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Discussion Starter · #1 ·
This guy is mad, but man i would love to have been there and done that but get away of course:evil

Biker hits highest speed, gets biggest fine

It was a quiet Saturday for two traffic officers who were speed trapping along the N2 near Port Shepstone, KwaZulu-Natal, until they nearly fell off their beach chairs. One of three motorcyclists riding past was clocked at 295km/h(184 mph):banghead , the highest recorded speed yet.

And this week magistrate Mahendra Daya handed down the highest fine yet recorded - R100 000(+- $15000):banghead or three years' jail; half suspended for five years.:eek:hno

"I'll never do it again," said a very relieved speedster Jan Hendrik de Vos while shaking hands with officer Aboo Aboobaker.

De Vos was found guilty in the Scottburgh District Court on Thursday for travelling at 295km/h on his Suzuki GSX-R 1100, a motorcycle he no longer owns.

The record-breaker also has to pay a further R2 000(+- $300) for riding an unlicensed vehicle and for not displaying his number plate or face six months in jail.

Daya said he strongly considered sending De Vos to jail to make an example of him. "I constantly deal with cases of speeding in this district. I don't know what it is about this stretch of freeway. People just go mad. Speedsters with fancy cars play a catch-me-if-you-can type of game:nana , which is very dangerous," said Daya.

Daya told De Vos: "Your case is the highest recorded. You put yourself and others at risk. The speed you rode at is quite frightening. You need to learn tolerance and patience and respect the rules of the road."

Daya mentioned that he recently sentenced a speedster doing 185km/h to an R8 000 fine and this matter was before him again because Justice Vivienne Niles-Dunbar of the Durban High Court said the sentence was too lenient.

However, in De Vos's case Daya showed mercy and considered his personal circumstances - he is recently divorced, has a child he pays maintenance for and he ended up in hospital recently after being burgled and attacked.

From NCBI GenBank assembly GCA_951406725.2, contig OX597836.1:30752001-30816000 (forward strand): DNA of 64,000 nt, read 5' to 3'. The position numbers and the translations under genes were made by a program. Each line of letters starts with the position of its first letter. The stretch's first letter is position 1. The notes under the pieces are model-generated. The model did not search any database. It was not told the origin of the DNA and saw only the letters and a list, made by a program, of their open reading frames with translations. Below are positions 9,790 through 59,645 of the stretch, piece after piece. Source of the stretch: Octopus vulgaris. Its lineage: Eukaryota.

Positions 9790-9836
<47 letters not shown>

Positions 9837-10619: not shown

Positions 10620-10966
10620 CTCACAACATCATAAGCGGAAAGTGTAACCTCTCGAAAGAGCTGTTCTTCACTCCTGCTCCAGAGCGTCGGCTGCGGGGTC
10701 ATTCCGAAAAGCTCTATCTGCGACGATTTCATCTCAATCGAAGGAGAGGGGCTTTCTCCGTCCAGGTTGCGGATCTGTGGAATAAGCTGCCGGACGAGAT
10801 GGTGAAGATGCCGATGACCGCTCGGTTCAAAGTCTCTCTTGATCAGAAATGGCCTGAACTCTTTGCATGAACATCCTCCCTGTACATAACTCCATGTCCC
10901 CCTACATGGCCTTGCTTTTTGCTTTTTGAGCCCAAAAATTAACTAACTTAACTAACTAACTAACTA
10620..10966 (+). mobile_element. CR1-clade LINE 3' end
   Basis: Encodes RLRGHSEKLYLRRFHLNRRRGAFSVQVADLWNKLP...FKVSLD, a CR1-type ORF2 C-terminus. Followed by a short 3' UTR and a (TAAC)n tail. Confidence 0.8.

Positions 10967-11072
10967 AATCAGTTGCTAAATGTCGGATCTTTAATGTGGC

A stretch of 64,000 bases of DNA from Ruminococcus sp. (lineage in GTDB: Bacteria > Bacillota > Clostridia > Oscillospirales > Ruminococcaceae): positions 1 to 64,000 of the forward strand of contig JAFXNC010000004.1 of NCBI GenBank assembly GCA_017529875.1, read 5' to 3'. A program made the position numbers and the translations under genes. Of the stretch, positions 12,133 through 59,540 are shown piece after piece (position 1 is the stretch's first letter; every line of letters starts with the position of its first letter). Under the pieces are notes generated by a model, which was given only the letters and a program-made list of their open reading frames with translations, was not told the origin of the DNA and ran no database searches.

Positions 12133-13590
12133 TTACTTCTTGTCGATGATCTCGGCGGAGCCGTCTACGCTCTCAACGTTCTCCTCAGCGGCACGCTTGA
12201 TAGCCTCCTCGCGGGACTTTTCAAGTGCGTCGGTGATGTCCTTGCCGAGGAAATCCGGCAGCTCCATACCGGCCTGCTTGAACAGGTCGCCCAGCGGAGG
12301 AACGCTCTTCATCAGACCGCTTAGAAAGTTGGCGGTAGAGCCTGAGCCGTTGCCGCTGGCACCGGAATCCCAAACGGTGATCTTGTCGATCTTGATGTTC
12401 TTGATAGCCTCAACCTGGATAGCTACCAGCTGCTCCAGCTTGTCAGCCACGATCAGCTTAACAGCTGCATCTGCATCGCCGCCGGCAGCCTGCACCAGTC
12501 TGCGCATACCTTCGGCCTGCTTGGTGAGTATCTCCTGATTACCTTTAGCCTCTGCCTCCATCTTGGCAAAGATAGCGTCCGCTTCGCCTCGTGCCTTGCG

De Vos had been on a breakfast run from Amanzimtoti to Margate with two of his mates last August along the N2 southbound near Port Shepstone.

As leader of the pack, he was clocked by officer Timothy Simpson as travelling at 295km/h.

Simpson told the court he was in shock as he shouted out the speed and colour of the bike to his partner, Krishna Marimuthu. They radioed Port Shepstone police to arrange for a roadblock, and went after the motorcyclists.

A few minutes later the two officers spotted the motorcyclists taking a cigarette break at the Ifafa off-ramp and saw the black motorcycle which displayed a "Capable of avoiding high pursuit":rotflmao sticker. Both De Vos's friends told the officers they had taken him on a run to forget about his personal problems.

De Vos's defence was that it was a case of mistaken identity and that the speed timing device used at the time was faulty. :crazyloco

His attorney Kelvin Moodie argued that at that alleged speed there was no way the officers could identify all three motorcycles and its drivers. He said the weekend and the area were popular with motorcyclists on breakfast runs.

Moodie said the device was switched off when the officers went in pursuit of the three so there was no recording of the speed and he could not accept De Vos was travelling at 295km/h.

"If (De Vos) was guilty he would not have parked his motorcycle with the others on the side of the road in clear view of everyone. Witnesses testified that under perfect weather conditions their motorcycles could reach speeds of 260-270km/h, but it was windy on that day," said Moodie.

Prosecutor Christelle Rossouw said De Vos signed a document stating his guilt in speeding and riding an unlicensed and unregistered vehicle.

"Park Rynie is notoriously known for exceeding the speed limit in excess of 200km/h. There are 45 859 accidents reported in this area with 689 fatalities and the common cause is speeding and drunk driving. Speeding borders on gross recklessness and from case law the court has been too lenient in sentences, resulting in the problems on the road today," said Rossouw.

Daya said he was not impressed by De Vos's evidence and favoured the state witnesses. "He (De Vos) remained silent about the speed but spoke up about the minor offences. If he wasn't guilty then he would've defended himself.

"The officers had no reason to frame the accused. The final nail in his coffin was the statement he signed (that day) admitting his guilt," said Daya.

De Vos paid R10 000 to the court on Thursday and will pay a further R2 000 monthly from the end of July until the total amount is paid.:banghead

532 Posts
Why the hell he signed a confession before speaking to a lawyer, I can't understand! Without that, he could have come clean in court with a clever lawyer. How the cops could recognise that sticker at that speed is also far fetched!
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